Shaun Milne: Greta Thunberg’s observation that Scotland is no world leader in climate change is a wake-up call

Is Greta Thunberg right when she says Scotland is not a world leader in climate change? Has she accurately called out a nation deluding itself it ever really was?
Shaun MilneShaun Milne
Shaun Milne

Perhaps it is harsh – after all, Scotland is home to and champion of some of the planet’s leading technologies in wave power, the biggest windfarms in Europe, sustainable living, and we will of course stage COP26 this year.

The Scottish Government has just made political history in appointing two Green politicians, Lorna Slater and Patrick Harvie, as ministers with portfolios focused on many of the things Thunberg and others campaign over.

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So, at first glance, it could be argued that these are uniquely progressive moves which put Scotland into a league of its own. Innovative, inclusive, pioneering.

But actually…Thunberg is right.

The bar is set too low. Far too low. Being better than the next worst thing is no success. Scotland, like so many other of the wealthier nations, has not led the world, instead it has helped in facilitating its problems from the off.

As a country, it was Scotland and its UK paymasters who drove North Sea oil rush and squandered the profits. We did not, like Norway, for example, invest in social care and a renewable energy grid.

Instead, we exported oil and gas technology around the world so others could exacerbate a problem that led to scientists in the 1970s who predicted its folly being dismissed as cranks and troublemakers, eccentrics.

And we continue to do so. With Cambo, and other such fossil fuel projects, we are not even trying to rehabilitate ourselves.

We have large swathes of forests covering the country as part of a business worth billions. But, because in part of the reluctance of previous gatekeepers, they hold little value in terms of biodiversity or ability to sequester carbon.

Some will try and argue the opposite, citing how trees grow faster and do have some residual benefit. But surely it is inescapable to conclude that leaving them in the ground, as part of a mixed species of native forestry, has longer-term benefits?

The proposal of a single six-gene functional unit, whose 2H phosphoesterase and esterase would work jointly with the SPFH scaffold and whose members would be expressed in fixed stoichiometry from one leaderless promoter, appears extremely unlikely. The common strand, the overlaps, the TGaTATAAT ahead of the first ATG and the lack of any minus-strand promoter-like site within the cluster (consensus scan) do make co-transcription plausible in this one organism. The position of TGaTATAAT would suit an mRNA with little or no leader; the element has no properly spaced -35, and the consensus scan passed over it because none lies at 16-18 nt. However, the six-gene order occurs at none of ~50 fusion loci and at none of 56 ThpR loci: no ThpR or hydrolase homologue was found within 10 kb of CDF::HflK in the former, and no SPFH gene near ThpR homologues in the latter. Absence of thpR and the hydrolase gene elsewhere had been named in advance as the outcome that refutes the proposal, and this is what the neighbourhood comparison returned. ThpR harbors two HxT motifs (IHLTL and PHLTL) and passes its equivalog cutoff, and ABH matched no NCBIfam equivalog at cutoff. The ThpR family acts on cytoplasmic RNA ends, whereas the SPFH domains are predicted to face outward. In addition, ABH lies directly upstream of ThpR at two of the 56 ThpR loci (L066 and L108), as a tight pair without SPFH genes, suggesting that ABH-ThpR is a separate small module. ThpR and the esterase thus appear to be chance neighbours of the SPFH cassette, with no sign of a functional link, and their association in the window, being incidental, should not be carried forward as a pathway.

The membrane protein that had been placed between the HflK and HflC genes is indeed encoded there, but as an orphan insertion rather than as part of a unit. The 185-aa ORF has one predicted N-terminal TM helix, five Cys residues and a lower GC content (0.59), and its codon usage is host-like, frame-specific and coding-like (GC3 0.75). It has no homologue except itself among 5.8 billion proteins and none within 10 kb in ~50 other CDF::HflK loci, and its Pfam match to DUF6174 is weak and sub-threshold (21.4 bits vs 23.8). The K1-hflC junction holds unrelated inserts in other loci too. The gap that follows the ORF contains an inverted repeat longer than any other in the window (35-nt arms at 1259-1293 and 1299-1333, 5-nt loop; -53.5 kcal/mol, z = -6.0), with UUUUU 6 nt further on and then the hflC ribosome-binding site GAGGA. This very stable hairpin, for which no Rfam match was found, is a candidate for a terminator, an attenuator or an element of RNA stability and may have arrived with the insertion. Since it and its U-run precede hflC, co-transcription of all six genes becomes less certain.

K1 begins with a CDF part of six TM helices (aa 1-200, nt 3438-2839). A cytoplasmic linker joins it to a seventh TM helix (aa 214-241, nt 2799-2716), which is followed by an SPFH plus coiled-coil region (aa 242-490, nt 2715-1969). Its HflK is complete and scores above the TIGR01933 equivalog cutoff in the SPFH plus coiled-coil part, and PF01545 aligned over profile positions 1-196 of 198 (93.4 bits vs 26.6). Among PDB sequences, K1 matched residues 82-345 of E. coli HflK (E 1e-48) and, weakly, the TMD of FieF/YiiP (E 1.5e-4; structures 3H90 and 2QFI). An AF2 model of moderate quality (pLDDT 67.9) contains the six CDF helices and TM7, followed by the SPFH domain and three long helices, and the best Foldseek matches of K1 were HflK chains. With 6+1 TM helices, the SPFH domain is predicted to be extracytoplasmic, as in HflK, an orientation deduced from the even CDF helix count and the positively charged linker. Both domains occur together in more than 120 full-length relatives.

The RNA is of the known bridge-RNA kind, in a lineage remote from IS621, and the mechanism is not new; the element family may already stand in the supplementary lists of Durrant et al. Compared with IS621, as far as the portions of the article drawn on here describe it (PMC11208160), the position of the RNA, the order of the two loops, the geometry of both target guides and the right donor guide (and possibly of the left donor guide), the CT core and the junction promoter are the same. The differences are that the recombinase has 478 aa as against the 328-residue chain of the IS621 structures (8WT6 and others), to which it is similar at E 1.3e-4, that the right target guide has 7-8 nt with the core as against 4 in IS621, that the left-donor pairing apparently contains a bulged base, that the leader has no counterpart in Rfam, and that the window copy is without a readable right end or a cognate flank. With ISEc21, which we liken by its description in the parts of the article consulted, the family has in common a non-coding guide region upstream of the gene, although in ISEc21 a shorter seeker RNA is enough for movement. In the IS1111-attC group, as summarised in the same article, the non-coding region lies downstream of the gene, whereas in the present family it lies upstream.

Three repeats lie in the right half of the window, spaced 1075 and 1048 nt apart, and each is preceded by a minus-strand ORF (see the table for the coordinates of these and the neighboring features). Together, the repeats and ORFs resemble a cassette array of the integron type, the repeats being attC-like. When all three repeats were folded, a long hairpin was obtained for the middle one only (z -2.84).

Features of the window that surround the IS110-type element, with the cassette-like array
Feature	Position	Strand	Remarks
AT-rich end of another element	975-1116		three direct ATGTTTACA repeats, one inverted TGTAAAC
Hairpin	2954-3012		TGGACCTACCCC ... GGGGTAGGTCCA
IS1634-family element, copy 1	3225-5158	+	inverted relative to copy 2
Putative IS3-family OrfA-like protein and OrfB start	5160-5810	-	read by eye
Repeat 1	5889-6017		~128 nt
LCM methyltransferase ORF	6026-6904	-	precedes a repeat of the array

Our seas are filthy, over-fished by some of the biggest trawlers in the world moored around the Aberdeenshire coast. Their smaller, potentially more sustainable cousins, the victim of political Monopoly.

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Currently, some of our biggest public building contracts remain emissions-enabling roads, while our buses and trains – both viable and cleaner alternatives to driving –are priced so expensively, and at times so inaccessible, that it is cheaper not to use them.

And while those lucky enough to live in large, older city-centre homes bemoan the potential cost of home energy improvements, what would those across the tracks do for an affordable home, built to adequate standards?

Words like “extreme” and “danger” should be directed not at individuals, but at the threat of climate change. All those barking about economic vandalism or describing politicians and activists they didn’t vote for as eco-zealots are most likely part of the same cohort who are responsible for the emergency we are in.

The same self-absorbed navel-gazers say they care about the environment but do nothing about it. Why should they? They have their pensions, their big fancy homes, handsome salaries and are of an age when climate breakdown won’t affect them directly. And if it did, they’d simply push their way onto the lifeboat and leave the kids behind. “Selfish” is the word.

Which is where I think Greta Thunberg is challenging us all – challenging us to be the leaders we could become.

We are only at the start of a journey to become a sustainable nation, years behind where we should be but finally getting the point. COP26 is a chance to put that ambition under a microscope, to make sure we get it right.

Scotland has voiced its intent by breaking with convention in the appointment of the two Scottish Greens as junior ministers. The risk of party calamity and of losing political currency will have been weighed up against the risk of doing nothing.

In spite of all the right-wing naysayers howling in the background, despite the legitimate concerns of the Greta Thunbergs of the world, it was an extraordinary act of bravery by Nicola Sturgeon to put climate first.

Or, to put it another way, a sign of leadership.

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Shaun Milne is host of the Sustainable Scotland podcast and CEO of Skog Media Associates.